The leader of a major New York City heroin ring "thought he was untouchable" because he never handled the drugs he sold.

But authorities say he learned he was wrong when they charged him with three counts of operating as a major drug trafficker under the state's kingpin statute.

Cruz Aguaviva-Done, 56, of the South Bronx, led a ring that moved as much as 20 pounds of Colombian heroin through the city in the past year, officials said.

He pleaded not guilty at arraignment Wednesday before State Supreme Court Justice Bruce Allen in Manhattan, as did six other defendants in the case, officials said. Two other defendants face arraignment later this month on related drug charges.

While Aguaviva-Done thought he was untouchable, "today he is aware he could not have been more wrong," Brian Crowell, special agent in charge of the Drug Enforcement Administration's New York City office, said in a statement.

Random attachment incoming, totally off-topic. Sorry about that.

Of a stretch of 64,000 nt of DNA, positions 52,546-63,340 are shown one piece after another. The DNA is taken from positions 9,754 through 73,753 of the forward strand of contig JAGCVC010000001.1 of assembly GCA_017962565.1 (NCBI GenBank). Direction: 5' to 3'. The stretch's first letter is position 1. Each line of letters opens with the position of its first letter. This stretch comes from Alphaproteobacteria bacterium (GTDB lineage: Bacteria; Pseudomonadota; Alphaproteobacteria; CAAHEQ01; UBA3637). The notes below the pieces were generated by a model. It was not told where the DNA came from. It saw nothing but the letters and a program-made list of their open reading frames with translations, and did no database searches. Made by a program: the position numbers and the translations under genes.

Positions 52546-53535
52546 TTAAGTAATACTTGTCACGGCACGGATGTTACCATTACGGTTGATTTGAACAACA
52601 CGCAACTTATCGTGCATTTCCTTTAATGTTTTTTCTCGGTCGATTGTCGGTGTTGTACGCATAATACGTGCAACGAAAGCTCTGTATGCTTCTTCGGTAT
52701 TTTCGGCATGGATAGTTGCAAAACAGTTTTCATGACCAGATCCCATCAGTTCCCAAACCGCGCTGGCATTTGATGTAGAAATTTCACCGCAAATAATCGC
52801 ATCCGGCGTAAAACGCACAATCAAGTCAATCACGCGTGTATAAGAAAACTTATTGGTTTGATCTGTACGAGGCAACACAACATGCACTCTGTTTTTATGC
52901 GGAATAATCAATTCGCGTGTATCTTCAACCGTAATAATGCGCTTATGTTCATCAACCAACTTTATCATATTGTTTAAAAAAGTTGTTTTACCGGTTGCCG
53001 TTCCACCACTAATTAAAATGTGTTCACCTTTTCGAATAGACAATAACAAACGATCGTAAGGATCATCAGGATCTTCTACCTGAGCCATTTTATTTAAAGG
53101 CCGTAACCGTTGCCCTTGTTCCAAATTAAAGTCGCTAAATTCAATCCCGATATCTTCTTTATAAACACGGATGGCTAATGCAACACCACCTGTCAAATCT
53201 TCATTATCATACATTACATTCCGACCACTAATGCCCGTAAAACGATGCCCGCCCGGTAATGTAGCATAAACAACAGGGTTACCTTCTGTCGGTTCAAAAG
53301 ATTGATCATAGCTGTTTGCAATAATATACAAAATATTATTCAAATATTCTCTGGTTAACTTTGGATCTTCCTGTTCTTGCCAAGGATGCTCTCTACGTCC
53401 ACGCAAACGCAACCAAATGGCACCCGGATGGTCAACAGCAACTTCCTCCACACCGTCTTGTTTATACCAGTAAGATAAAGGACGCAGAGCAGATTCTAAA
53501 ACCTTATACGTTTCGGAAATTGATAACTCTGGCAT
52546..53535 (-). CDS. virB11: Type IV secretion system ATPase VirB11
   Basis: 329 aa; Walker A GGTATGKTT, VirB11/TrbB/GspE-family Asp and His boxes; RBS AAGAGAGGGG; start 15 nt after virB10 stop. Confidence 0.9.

Wiretaps and surveillance cameras helped investigators track Aguaviva-Done as he "directed members of his organization to conduct money transfers, pick up heroin shipments and resell loads of drugs to distributors," the DEA said in its statement.

Aguaviva-Done's attorney, Heriberto Antonio Cabrera, of Brooklyn, declined to comment Thursday.

The state's kingpin statute targets drug dealers who supervise four or more people and collect at least $75,000 from drug sales in a six-month period.

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